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Avenu Launches Platform to Integrate Apps for Courts

The platform will offer courts the ability to bring together different functions such as mobile jury check-in, digital document access and online subscriptions to case files into a single portal.

Shutterstock/Mary Rice
Avenu Insights & Analytics, a relatively new gov tech company with footholds in software such as licensing and permitting, local tax collection and unclaimed property, is launching a platform for integrating court applications in an effort to make itself a one-stop shop for many justice functions.

The Clearview Justice Portal will integrate Avenu’s existing justice applications — which allows courthouses to offer things like digital document access for lawyers, mobile questionnaires and check-ins for jurors and online access to case files — with third-party apps as well, according to a press release.

“Jury service today is difficult, time-consuming and labor-intensive,” said Keith Ellery, Avenu’s justice solutions business unit owner, in the statement. “With CJP, we’re able to use digital and automation technology to make jury service simpler and more convenient than ever before. We think that’s a win-win for the courts and the broader public.”

The platform plugin-based architecture means courts could use it to pull together applications in such a way that various stakeholders in the court system — lawyers, jurors, administrative staff and businesses — could all use the same portal to conduct their business.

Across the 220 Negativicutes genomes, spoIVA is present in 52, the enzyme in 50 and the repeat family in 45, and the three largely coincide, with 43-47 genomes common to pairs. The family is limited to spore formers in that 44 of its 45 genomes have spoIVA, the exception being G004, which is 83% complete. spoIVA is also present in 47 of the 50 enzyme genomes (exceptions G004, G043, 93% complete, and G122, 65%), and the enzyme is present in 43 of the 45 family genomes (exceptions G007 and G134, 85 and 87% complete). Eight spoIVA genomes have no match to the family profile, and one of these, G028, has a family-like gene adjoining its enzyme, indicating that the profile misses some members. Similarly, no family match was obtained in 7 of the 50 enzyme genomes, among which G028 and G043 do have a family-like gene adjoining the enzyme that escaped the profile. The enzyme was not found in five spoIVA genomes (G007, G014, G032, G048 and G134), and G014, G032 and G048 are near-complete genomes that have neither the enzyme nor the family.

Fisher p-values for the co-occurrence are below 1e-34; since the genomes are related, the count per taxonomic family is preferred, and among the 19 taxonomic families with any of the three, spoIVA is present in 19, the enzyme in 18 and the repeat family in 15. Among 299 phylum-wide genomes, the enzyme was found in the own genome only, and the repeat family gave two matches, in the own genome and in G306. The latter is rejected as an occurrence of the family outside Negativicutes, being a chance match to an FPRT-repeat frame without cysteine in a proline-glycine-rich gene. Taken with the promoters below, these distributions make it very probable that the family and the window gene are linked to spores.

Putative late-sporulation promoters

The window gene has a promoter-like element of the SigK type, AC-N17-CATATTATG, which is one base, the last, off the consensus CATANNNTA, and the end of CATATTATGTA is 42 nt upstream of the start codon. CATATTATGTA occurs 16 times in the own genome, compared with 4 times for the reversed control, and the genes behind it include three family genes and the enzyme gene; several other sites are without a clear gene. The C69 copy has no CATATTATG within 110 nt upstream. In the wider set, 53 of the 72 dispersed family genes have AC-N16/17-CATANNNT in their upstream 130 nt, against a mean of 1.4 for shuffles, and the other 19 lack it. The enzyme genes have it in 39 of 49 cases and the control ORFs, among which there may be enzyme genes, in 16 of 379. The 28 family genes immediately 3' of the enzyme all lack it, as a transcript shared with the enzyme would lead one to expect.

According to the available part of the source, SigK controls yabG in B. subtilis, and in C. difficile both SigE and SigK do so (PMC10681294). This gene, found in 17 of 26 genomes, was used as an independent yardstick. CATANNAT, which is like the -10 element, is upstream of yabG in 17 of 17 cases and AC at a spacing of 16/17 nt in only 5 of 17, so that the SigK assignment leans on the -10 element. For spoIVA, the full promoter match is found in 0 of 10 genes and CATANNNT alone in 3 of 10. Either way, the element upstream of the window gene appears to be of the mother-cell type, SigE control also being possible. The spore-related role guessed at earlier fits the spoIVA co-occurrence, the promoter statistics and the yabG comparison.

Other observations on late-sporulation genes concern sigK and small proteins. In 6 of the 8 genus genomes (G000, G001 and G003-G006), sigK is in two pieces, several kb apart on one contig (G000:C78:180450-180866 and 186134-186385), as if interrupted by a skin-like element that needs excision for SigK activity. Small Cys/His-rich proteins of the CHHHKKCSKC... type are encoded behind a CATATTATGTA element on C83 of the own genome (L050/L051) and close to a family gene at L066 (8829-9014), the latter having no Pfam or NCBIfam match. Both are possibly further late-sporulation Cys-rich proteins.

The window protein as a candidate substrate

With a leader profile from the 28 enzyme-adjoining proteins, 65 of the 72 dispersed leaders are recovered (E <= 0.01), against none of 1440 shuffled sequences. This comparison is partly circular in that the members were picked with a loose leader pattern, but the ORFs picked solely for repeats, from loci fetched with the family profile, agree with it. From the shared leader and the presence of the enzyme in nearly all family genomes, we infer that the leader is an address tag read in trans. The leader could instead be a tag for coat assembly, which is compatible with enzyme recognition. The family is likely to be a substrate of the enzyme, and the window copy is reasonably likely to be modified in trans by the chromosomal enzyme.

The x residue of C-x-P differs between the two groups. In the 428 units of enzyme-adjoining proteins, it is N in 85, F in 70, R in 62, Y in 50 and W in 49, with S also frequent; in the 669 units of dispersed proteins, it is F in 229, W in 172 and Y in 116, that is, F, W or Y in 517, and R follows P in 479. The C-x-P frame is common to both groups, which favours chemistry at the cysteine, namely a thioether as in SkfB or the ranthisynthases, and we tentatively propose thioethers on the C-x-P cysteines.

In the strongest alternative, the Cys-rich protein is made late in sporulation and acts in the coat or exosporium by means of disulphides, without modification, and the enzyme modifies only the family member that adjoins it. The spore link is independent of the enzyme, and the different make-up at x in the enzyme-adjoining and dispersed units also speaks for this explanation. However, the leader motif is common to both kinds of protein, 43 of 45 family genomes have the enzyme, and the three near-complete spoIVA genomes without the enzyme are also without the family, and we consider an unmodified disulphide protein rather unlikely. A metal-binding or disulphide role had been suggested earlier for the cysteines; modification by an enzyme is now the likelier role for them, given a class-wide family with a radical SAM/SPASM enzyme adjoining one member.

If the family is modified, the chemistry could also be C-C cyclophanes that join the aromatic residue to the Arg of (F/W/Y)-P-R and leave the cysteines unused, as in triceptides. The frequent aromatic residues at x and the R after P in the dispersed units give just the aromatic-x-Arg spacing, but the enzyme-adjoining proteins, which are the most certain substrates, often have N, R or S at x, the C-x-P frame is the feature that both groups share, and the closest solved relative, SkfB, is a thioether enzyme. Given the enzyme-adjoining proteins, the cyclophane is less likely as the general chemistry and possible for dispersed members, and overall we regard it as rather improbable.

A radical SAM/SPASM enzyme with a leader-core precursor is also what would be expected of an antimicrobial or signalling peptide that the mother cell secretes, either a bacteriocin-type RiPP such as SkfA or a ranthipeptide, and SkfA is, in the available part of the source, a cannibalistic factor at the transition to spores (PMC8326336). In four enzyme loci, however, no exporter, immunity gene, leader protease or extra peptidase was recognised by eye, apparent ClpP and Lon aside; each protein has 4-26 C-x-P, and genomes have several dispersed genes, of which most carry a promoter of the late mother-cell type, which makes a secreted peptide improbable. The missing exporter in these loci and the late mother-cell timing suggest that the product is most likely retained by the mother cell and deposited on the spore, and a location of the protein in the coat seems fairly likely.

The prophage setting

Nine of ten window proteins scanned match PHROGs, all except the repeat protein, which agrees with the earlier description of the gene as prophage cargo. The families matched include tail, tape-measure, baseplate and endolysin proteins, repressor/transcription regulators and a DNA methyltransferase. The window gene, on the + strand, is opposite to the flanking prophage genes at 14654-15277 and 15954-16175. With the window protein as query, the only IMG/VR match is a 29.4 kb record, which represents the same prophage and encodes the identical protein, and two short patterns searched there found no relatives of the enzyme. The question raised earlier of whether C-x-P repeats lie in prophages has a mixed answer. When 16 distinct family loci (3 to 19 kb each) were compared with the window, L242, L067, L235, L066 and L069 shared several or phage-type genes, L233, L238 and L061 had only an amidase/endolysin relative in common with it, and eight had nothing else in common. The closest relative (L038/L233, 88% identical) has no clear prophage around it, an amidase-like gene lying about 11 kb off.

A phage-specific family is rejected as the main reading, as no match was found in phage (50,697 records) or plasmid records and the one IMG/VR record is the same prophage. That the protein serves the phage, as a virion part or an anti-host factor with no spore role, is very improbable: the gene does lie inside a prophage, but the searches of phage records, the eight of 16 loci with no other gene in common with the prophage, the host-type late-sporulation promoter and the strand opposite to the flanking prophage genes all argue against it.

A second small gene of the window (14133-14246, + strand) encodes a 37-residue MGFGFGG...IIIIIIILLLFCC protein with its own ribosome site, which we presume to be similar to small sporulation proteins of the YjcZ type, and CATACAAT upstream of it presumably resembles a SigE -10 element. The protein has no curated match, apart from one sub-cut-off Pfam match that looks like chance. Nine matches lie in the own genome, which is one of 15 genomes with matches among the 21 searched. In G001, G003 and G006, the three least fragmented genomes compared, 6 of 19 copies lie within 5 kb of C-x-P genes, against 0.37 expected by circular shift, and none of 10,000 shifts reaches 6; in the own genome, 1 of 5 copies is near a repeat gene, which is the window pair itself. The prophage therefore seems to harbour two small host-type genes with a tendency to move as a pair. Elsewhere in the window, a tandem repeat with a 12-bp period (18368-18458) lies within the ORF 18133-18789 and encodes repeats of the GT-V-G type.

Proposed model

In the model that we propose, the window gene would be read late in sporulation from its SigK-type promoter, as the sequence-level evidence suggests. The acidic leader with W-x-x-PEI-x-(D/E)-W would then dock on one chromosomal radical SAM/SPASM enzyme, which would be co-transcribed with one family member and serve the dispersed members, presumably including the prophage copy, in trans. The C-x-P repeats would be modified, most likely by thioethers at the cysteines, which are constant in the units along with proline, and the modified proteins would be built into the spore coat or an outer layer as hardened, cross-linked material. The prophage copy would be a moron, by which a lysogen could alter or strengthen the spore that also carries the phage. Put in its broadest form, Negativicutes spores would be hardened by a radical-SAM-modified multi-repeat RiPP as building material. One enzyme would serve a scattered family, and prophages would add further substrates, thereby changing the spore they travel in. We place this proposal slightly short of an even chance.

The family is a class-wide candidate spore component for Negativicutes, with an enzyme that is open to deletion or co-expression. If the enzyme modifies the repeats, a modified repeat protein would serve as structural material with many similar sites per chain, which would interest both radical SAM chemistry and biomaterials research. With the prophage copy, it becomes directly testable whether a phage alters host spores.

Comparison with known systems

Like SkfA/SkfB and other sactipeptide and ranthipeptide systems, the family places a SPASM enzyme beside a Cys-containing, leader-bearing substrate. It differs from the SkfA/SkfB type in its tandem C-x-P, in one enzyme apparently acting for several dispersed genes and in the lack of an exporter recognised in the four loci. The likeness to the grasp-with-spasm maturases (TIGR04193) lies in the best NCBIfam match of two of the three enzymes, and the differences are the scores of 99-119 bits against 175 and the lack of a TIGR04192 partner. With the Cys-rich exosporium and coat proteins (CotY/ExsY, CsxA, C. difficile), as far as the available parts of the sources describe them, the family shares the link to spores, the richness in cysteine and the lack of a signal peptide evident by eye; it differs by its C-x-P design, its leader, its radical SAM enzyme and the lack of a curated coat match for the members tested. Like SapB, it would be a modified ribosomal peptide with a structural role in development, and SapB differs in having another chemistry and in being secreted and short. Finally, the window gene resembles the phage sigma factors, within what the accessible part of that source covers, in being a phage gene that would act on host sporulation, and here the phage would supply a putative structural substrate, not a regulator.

The move is reminiscent of two recent trends in gov tech. First, many gov tech companies have sought to either launch platforms or create high levels of integration between their applications and those from other entities. Ideally, that means more seamless information access between systems and therefore less duplication of efforts.

Second, the offering of mobile services has become more and more common over time, with governments releasing everything from 311 apps to texting chatbots. The company billed the ability to check in via mobile phone as a helpful way to maintain social distancing in the justice process.

Ben Miller is the associate editor of data and business for Government Technology. His reporting experience includes breaking news, business, community features and technical subjects. He holds a Bachelor’s degree in journalism from the Reynolds School of Journalism at the University of Nevada, Reno, and lives in Sacramento, Calif.
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